Clothes do not define a woman. And a scientist in New York, US, just proved that once again.
Rita J King, co-director of Manhattan-based consultancy firm Science House, took to the micro-blogging site Twitter recently to post a throwback photo of the time she wore a "sparky" outfit to a talk at NASA to prove to little girls that scientists can come in all kinds of clothes.
King was reminded of the photos while cleaning out her close when she found the old dress she had worn during a 2011 talk at NASA. King, who is a former futurist at NASA's think tank National Institute for Aerospace in Langley, said she had once received a letter from "little girls" who asked her to "wear something sparkly" for for the talk so that "they could believe that scientists could also be sparkly".
King told Buzzfeed News that the event coordinators had reached out to her with the seemingly bizarre request by some little girls who had requested she wear a sparkly dress. She also said that she found the "sparkliest" dress to let the girls know that they had been heard.
The gesture won many hearts on Twitter and provoked a conversation regarding gender stereotypes that exist when it comes to women in professional spaces.
This is so important. The idea that masculine is serious and feminine is frivolous limits the options girls see for themselves and their future lives. This shows them that they don't have to pick between their interests and their identities. Science is for everyone. Thank you!— katie kawaii (@katiekawaii) November 4, 2019
Proof that Brains and Beauty go hand in hand. Thanks for putting a girl's dream of sparkles into science!— Stephen Inoue 2020☂️ (@Riptide360) November 2, 2019
This is not the first time that netizens have debated over what women should or shouldn't wear to succeed or appear successful in so-called "male dominated" professions like science, engineering, finance or medicine. As per a study conducted by researchers at Cambridge and Essex Universities in Britain, less attractive women scientists are more like to be taken seriously with regard to their work, even though respondents were more inclined to show interest in conventionally attractive scientists.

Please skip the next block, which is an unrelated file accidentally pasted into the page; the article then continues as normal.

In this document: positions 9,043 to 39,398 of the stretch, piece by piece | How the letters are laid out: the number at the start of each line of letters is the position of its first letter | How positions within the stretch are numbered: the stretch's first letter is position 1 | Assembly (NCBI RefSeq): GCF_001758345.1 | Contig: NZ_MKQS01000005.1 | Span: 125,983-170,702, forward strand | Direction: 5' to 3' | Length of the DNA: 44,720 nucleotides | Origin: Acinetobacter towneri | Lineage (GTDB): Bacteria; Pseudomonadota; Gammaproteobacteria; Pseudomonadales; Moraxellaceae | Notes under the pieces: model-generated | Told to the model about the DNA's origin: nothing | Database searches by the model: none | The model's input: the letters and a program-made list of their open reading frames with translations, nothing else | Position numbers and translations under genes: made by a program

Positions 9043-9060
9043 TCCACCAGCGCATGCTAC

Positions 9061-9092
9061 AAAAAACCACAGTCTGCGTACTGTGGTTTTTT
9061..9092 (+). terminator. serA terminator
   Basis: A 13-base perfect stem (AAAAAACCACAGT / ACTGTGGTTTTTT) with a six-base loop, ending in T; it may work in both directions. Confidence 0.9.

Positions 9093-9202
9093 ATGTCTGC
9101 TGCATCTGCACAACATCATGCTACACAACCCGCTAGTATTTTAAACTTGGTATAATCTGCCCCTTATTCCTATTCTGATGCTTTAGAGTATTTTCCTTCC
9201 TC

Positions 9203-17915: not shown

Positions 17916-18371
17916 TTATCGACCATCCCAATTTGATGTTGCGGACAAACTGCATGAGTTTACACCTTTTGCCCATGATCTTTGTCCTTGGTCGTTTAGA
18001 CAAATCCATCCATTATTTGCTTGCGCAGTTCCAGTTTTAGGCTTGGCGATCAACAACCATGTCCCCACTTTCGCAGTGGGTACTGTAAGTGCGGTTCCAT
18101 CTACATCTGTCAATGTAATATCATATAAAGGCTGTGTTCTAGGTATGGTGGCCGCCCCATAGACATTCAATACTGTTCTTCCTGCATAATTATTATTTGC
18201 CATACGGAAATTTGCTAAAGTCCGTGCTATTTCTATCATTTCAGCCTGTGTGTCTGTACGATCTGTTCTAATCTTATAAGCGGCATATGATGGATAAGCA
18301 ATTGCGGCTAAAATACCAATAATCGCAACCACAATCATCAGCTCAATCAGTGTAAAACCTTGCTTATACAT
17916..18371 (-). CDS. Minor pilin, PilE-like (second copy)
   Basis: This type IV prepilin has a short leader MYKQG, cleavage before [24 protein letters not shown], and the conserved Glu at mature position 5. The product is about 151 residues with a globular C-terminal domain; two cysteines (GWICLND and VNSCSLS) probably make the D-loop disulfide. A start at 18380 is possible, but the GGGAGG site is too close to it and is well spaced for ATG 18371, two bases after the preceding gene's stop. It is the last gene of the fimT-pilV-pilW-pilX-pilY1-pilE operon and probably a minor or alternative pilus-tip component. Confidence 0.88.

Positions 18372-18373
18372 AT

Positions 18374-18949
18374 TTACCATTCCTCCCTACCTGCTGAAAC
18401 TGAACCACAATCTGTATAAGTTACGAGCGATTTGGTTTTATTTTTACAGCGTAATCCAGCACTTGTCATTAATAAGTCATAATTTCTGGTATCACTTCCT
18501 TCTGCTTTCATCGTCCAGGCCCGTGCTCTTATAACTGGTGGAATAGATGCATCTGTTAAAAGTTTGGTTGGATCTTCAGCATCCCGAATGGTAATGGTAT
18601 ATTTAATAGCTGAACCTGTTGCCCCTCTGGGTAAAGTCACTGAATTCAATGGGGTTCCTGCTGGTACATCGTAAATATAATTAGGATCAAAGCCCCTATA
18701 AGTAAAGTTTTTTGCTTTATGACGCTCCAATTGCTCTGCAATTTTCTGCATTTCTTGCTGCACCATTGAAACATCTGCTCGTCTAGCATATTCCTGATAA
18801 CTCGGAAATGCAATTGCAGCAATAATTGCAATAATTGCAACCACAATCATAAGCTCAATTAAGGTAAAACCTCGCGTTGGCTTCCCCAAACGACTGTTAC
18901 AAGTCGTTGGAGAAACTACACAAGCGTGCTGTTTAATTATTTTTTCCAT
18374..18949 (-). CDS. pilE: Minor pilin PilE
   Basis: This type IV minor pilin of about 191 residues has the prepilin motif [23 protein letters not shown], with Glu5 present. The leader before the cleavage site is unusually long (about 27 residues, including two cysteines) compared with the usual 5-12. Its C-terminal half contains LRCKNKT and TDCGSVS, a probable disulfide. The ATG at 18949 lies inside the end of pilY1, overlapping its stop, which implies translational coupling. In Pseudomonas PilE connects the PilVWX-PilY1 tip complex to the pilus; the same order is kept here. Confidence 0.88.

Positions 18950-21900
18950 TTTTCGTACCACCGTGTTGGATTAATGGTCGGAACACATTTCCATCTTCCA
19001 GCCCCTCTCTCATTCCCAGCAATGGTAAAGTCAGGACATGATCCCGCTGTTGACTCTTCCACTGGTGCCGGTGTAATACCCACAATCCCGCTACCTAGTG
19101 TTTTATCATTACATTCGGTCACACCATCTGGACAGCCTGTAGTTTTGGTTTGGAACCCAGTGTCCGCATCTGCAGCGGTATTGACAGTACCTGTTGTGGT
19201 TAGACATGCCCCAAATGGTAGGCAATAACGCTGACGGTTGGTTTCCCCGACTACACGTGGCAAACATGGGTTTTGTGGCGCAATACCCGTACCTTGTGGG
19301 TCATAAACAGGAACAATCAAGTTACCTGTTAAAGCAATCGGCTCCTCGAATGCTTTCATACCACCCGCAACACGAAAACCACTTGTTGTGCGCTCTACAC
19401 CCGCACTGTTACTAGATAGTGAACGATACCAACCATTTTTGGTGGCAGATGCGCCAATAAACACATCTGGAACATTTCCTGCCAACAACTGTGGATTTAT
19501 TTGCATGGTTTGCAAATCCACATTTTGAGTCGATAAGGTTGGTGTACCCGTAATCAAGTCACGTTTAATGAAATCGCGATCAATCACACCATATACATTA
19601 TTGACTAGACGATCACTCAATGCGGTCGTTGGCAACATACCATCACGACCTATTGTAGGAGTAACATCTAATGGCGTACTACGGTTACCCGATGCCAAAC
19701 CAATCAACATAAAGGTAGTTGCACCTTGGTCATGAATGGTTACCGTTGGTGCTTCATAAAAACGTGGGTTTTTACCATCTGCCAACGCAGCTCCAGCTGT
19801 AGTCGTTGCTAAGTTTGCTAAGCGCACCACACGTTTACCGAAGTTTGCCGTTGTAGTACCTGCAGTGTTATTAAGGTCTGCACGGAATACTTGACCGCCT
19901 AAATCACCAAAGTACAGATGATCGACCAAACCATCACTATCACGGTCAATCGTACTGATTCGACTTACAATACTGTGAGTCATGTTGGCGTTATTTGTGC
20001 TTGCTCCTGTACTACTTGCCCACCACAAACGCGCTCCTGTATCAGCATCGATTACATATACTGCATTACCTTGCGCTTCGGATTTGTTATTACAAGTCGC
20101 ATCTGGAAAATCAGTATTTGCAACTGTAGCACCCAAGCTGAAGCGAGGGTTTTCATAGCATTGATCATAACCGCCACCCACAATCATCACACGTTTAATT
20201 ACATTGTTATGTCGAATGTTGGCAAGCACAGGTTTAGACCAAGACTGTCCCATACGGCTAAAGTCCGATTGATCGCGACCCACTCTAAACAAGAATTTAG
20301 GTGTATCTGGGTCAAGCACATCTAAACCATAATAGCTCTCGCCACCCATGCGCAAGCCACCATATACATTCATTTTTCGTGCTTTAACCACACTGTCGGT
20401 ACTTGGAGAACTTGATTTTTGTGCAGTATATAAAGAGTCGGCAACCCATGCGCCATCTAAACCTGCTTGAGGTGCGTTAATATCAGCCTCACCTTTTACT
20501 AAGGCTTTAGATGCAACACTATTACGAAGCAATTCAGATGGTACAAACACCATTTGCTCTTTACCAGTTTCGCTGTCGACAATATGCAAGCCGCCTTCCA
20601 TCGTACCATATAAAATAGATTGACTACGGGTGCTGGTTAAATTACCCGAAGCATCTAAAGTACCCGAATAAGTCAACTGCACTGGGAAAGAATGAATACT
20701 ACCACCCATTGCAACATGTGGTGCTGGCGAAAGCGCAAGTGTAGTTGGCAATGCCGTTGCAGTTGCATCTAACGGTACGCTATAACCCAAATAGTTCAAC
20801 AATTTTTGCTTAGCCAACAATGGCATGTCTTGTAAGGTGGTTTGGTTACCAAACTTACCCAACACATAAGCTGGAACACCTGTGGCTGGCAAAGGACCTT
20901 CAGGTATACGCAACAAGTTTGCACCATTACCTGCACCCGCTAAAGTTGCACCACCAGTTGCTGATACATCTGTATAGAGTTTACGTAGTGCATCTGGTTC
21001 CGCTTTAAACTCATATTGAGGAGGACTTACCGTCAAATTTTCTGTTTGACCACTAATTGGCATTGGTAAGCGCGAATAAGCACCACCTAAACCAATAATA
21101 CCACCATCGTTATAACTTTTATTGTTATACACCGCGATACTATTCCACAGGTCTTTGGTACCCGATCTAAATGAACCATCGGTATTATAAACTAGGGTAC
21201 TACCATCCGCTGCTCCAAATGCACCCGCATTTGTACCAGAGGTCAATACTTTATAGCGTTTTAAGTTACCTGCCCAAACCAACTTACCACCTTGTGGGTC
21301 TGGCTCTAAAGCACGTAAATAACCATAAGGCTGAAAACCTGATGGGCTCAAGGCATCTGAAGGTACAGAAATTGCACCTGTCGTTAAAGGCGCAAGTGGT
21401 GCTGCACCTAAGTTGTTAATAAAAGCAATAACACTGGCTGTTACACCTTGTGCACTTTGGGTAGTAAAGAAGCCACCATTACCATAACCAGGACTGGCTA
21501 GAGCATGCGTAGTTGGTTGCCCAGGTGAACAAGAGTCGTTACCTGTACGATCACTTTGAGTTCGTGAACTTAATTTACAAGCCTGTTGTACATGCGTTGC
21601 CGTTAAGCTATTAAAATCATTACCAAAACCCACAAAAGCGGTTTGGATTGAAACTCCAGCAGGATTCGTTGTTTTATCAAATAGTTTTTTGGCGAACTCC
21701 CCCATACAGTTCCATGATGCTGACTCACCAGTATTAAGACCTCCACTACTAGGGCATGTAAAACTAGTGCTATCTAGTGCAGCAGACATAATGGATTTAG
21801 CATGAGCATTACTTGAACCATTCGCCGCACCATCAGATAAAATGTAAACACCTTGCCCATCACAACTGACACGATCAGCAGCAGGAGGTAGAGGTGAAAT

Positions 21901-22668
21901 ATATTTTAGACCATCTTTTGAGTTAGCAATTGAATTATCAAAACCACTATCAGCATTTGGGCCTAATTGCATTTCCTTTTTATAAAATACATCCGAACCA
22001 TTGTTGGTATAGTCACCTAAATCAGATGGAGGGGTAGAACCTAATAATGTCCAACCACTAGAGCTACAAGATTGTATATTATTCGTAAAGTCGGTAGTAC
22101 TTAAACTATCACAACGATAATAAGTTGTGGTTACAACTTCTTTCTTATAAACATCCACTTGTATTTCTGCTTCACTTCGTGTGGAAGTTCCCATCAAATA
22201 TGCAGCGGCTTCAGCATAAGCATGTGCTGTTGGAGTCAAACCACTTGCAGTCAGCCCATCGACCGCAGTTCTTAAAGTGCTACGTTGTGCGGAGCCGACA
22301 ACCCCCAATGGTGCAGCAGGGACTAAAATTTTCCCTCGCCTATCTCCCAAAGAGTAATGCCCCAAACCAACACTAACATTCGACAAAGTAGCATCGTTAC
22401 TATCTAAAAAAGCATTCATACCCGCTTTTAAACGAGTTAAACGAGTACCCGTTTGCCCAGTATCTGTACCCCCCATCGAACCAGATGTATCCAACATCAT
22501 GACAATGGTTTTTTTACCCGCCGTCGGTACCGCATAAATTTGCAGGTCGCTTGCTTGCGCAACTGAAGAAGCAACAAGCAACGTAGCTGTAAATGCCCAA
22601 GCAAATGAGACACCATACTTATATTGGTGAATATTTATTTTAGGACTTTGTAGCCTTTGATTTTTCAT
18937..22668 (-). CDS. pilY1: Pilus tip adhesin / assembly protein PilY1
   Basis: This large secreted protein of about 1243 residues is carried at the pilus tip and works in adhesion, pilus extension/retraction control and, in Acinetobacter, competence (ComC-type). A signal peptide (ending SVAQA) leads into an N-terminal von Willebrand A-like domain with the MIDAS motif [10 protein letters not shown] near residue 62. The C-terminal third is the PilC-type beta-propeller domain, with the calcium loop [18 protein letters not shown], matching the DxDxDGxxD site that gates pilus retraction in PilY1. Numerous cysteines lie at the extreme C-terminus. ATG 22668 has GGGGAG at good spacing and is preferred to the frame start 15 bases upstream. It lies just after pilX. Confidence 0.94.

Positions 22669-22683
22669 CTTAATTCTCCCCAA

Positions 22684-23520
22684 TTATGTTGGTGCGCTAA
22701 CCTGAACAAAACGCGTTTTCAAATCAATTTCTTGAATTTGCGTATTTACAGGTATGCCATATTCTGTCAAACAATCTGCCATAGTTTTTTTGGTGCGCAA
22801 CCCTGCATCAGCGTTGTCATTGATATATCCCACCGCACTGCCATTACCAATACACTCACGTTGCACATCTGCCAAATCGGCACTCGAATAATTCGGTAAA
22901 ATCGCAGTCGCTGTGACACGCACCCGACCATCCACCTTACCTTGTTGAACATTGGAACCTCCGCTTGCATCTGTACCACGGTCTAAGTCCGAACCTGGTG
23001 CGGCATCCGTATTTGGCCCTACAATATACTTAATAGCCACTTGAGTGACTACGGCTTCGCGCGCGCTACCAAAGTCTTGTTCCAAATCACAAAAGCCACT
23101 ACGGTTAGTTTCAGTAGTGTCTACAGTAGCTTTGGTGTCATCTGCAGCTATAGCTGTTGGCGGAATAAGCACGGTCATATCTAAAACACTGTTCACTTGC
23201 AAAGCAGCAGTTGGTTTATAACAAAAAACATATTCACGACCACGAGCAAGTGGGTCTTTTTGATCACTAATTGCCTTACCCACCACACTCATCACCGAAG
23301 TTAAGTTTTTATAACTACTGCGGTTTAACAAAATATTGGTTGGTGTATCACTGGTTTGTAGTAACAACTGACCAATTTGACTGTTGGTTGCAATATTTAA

Such stereotypes undermine the work done by women by equating its worth with they way they look or dress. Sometimes, they even lead to toxic workplace practices that require women to behave in certain ways by virtue of their gender, thus diminishing their status as an equal to male colleagues who may not be required to adhere to the same standards.
Take the case of Ernst & Young, for instance, who in 2018 conducted a workshop with a number of women employees and asked them to dress in certain ways in order to succeed in the firm.
Many women professionals have taken to social media in the past with hashtags like #ILookLikeAScientist and #ILookLikeAnEngineer to post photos of themselves in everyday clothes or attires termed "feminine" to prove a point.
The results of a day shopping and I think #ILookLikeAScientist.The dress is thanks to @Tiylaya spotting it in the clearance section of House of Fraser.The top, jacket and boots came from @Long_Tall_Sally in Birmingham. pic.twitter.com/A2L1nqmQ8r— Dr JJ Eldridge (@astro_jje) September 8, 2018
"You're too cute to be a #scientist.""U don't look like a #professor.""U don't look like an #academic.""Scientists don't wear #dresses.""Well, actually..."It's 2019. #WeBelong#ILookLikeAScientist #WomenInSTEM #WomenInAcademia #PhDlife #ProfLife #Postdoc #AcademicTwitter pic.twitter.com/7wSs8amVcR— Daphne S. Ling (@daph_ling) January 2, 2019